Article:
Who could have believed the Lebanese would stop smoking? Law 174 is actually being obeyed. No smoking in any restaurants or cafes. Even the blessed nargile is banned, the glorious water pipe that originated in early 16th century India. There may be a civil war next door and 336,000 Syrian refugees in Lebanon but a nation famed for its smokers appears to be giving it all up. It doesn’t hurt that Michael Bloomberg, the New York city mayor, has sent £400,000 to Lebanon’s anti-smoking campaign. But what’s amazing is that smoking a pipe was one of Lebanon’s – and Syria’s – longest lasting habits.
I am indebted here to Christian Sassmannshausen, a PhD student in Islamic Studies at the Freie Universitat of Berlin whose wonderful article “The Stuff of History: Everyday Objects, the Construction of Ambiguous Meanings and the ‘Afterlife’ of Social Things” appears in an equally wonderful book on Islamic Art in museums and who traces the history of popular smoking in the Levant. The consumption of tobacco, he writes – and let’s call him Christian and be done with it – started as a luxury for the affluent, but by the late nineteenth century just about everyone was smoking.
He quotes a 19th century writer called Jessup: “Do the Syrian people all smoke? Almost all of them. They speak of it as ‘drinking a pipe, drinking a cigar’ and you would think that they look upon tobacco as being as necessary to them as water. Old and young men, women and even children smoke, smoke while they work or rest…They even measure time by their pipes so that if you ask the distance to a point in a journey, the answer very likely will be, it is two, or three, or five pipes distant…The Orientals [sic] spend so much time smoking that someone has said ‘the Moslims [sic] came into power with the Koran in one hand, and the sword in the other, but will go out with the Koran in one hand and the pipe in the other!’”
Lebanon, back in those days, was part of Syria and one of Tripoli’s major exports was tobacco (along with soap, silk, sponges and citrus fruits). Tobacco, according to Christian, was incorporated into courtship and wedding rituals, a suitor being expected to present lots of sugar, coffee and tobacco to the bride’s father, conforming to a popular Islamic notion of fertility and plenty. “The quality and price of tobacco as well as the nargile functioned as a social marker distinguishing the owner,” he writes.
Christian has illustrated his article with a photograph of six men posing with nargiles in the 1870s, captioned by one of them: “ Les mauvais sujets de Tripoli” – The Bad Boys of Tripoli. All are related and are Greek Orthodox Christians and served as vice-consuls, one of whom converted to Protestantism after an alliance with the daughter of the American and Belgian vice-consul in Tripoli. The nargile, Christian suspects, had an immoral connotation when associated with wine bottles or opium. But the men are all wearing the red tarbush – the kind of hat that King Farouk wears in photographs and which I still remember in the streets of Beirut in the late 1970s – which means that they were ostentatiously Ottoman.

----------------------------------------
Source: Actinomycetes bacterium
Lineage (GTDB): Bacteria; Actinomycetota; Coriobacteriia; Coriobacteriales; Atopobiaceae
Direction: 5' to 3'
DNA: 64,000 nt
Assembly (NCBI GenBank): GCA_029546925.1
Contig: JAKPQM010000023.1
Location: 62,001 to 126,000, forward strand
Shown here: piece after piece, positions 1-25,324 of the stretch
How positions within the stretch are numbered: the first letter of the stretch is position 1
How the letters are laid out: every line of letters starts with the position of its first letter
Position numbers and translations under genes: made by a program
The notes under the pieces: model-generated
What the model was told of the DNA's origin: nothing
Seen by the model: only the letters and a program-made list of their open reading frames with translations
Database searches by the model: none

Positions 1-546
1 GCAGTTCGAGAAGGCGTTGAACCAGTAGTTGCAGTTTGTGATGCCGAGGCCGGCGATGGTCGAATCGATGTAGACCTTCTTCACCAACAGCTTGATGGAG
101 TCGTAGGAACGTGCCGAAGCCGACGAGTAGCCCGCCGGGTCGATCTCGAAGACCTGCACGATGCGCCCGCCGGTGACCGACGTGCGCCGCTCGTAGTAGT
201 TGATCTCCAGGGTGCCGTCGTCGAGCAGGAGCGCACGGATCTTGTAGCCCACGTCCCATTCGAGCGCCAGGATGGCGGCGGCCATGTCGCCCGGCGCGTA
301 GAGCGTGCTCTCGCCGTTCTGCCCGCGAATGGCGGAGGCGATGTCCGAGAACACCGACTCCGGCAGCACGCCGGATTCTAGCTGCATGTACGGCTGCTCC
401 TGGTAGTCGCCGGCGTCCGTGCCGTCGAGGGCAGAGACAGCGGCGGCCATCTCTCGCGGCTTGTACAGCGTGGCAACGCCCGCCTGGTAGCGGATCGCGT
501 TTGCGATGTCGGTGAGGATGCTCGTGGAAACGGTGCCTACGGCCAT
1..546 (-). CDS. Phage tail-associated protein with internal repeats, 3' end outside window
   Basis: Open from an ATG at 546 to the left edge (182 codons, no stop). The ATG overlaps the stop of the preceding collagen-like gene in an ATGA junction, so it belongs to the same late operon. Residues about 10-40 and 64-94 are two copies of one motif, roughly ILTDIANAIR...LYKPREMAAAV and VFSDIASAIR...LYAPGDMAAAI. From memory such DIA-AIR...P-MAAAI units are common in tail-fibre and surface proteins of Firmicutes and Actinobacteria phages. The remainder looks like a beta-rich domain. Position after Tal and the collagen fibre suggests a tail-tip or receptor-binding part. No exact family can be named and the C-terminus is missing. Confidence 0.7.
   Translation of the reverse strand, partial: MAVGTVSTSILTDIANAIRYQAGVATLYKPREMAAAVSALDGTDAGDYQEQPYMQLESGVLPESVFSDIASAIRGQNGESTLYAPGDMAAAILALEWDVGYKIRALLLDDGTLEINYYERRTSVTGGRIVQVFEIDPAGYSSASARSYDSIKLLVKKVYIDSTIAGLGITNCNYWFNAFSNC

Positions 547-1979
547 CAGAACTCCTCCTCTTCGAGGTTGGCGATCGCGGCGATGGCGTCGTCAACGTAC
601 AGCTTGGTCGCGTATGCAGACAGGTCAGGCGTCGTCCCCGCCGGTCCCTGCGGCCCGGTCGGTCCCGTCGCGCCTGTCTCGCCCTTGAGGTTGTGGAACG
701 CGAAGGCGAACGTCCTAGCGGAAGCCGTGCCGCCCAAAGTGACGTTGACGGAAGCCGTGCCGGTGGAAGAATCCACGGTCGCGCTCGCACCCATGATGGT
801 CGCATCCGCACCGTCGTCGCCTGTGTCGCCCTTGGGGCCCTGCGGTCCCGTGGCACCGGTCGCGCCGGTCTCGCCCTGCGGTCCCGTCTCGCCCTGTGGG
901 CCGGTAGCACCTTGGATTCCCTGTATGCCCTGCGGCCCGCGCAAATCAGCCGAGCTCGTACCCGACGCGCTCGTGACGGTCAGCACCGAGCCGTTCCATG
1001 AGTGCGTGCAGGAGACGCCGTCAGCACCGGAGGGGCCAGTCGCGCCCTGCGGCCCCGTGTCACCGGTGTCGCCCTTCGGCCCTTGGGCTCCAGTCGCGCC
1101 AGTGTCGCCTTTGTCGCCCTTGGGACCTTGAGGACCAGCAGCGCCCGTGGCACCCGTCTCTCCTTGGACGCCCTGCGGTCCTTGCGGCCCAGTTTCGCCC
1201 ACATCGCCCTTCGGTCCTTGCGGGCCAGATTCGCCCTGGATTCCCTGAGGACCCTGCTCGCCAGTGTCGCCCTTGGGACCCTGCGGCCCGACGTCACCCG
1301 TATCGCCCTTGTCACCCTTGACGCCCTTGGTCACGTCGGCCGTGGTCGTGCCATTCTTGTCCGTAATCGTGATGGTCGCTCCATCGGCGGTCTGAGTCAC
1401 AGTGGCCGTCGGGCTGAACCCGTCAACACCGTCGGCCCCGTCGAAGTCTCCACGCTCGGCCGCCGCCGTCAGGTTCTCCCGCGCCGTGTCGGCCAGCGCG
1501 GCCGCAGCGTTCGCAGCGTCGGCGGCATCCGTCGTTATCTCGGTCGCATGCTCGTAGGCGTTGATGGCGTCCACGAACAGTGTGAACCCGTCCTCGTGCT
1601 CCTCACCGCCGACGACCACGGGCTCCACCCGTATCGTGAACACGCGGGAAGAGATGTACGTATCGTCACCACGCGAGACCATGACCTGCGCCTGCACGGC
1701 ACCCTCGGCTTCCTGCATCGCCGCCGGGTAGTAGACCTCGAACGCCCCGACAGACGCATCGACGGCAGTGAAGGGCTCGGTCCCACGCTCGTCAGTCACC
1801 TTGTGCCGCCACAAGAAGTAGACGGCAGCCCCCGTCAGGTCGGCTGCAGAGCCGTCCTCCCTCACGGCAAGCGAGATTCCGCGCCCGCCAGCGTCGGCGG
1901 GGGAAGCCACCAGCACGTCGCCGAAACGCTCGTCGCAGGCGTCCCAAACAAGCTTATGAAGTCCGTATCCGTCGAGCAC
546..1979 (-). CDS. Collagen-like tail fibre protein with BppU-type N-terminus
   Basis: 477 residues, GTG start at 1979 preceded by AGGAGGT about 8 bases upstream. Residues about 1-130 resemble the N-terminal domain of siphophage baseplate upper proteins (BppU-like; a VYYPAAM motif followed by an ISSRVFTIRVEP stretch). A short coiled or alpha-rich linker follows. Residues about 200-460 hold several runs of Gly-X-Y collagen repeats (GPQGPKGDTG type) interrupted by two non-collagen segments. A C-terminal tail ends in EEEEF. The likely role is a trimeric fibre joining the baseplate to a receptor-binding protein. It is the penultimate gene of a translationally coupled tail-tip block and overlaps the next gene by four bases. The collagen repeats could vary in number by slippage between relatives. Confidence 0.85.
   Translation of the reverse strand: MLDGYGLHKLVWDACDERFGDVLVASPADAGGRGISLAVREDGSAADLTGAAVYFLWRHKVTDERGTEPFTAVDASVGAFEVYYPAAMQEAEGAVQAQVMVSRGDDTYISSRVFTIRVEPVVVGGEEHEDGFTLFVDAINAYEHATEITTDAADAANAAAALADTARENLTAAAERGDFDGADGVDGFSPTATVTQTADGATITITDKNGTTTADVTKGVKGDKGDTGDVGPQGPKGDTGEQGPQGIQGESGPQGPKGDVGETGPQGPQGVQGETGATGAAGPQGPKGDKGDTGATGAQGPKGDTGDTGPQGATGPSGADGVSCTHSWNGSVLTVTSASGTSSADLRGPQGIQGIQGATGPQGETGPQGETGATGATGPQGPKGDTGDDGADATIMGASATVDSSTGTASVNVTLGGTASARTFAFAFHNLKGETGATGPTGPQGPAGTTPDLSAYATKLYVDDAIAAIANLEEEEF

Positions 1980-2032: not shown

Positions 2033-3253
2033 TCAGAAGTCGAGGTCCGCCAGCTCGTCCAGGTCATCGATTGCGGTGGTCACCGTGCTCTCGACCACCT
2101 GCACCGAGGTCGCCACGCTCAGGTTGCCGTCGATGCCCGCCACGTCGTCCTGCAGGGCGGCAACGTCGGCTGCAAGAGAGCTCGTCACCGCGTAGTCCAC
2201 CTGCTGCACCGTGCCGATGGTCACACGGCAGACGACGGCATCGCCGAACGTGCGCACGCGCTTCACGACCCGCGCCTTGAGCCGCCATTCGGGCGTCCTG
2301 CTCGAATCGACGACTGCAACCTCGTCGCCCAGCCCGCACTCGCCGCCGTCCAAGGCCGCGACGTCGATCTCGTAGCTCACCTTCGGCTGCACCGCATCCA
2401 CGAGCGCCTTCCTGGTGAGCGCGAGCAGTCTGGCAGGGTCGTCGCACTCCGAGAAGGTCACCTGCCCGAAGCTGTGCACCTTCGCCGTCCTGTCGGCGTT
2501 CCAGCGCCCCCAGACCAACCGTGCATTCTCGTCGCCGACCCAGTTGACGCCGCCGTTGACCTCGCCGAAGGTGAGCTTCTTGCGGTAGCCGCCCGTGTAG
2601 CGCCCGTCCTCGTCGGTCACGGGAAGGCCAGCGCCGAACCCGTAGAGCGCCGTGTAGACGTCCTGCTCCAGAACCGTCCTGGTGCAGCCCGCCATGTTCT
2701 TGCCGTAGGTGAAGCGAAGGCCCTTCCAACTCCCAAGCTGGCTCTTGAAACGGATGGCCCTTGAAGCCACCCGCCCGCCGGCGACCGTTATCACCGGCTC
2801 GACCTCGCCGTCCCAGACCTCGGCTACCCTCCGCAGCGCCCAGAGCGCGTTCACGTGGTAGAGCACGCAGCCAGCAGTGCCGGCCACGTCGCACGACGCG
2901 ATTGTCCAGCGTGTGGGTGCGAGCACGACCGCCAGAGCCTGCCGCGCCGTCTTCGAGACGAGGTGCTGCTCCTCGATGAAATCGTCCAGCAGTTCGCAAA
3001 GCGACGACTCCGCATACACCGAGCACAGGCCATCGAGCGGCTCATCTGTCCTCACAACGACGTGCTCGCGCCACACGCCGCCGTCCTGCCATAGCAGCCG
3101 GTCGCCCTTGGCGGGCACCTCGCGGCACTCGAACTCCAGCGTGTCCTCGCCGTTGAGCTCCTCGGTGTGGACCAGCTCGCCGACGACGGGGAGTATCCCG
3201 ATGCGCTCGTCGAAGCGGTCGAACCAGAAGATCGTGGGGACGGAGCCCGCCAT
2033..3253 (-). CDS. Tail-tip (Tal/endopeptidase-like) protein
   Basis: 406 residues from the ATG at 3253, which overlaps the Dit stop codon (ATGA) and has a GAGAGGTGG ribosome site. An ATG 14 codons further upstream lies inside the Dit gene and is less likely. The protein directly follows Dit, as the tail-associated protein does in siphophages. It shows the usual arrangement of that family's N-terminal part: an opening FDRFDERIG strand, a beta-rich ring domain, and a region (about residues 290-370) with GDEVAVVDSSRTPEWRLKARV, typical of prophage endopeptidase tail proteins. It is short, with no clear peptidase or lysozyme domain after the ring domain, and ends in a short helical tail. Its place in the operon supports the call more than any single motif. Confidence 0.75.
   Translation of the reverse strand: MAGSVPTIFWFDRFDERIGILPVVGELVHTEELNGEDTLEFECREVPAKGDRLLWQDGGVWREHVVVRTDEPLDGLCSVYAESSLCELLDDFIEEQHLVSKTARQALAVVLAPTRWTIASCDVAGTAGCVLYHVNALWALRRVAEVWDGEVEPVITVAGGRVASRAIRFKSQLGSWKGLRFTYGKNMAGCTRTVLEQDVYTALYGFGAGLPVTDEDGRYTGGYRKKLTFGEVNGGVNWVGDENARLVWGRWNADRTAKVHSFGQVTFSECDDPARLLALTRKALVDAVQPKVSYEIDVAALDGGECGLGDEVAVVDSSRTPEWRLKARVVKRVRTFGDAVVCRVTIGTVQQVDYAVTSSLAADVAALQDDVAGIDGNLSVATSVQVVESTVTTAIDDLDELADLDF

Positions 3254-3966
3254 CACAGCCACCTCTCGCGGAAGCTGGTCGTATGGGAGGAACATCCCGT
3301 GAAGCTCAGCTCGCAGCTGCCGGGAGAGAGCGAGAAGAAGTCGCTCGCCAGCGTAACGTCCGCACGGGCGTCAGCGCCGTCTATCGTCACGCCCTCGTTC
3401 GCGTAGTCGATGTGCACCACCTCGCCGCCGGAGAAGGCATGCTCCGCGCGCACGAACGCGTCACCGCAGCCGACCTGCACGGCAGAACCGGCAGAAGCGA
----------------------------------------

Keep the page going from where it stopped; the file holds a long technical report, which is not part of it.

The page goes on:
Smoking was – as one might say – hotly debated in the newspapers of the time. Al-Muqtataf – roughly meaning ‘The Harvest’ - carried articles on smoking in Greater Syria and the health effects of pipes and alcohol. One Tripoli newspaper wrote about those who smoked rice rather than tobacco in their water-pipes, presumably because rice was cheaper although it apparently caused chest pains and continuous coughing. Men and women smoked the nargile – they still do in Lebanon – although one thing I notice is that the packs of cigarettes that used to adorn tables at home are slowly disappearing in Beirut. They were always a sign, I think, of status – the more expensive the cigarette, the richer the host – although in Egypt the ghastly ‘Cleopatra’ can still be found in drawing rooms.
Smoking, they say in Lebanon, also quenches hunger, and pipes were much used in Greater Syria, I’m told, during the great hunger of the First World War when up to 1.5million Lebanese and Syrians died. The poorest people of the 1870s could only afford a nargile made of a coconut shell, the richest a highly decorated water-pipe with elaborate designs. I long ago put down my ancient Dunhill pipe but I still possess a unique ash tray, made from the broken branch of one of the ancient cedars of Lebanon – remember the Temple of Jerusalem? – which was sold to me by an old man in Bcharre, the home of that great Blake-like Lebanese poet Khalil Gibran. Bcharre is only sixty miles from my Beirut home. Or should that be six pipes distant?
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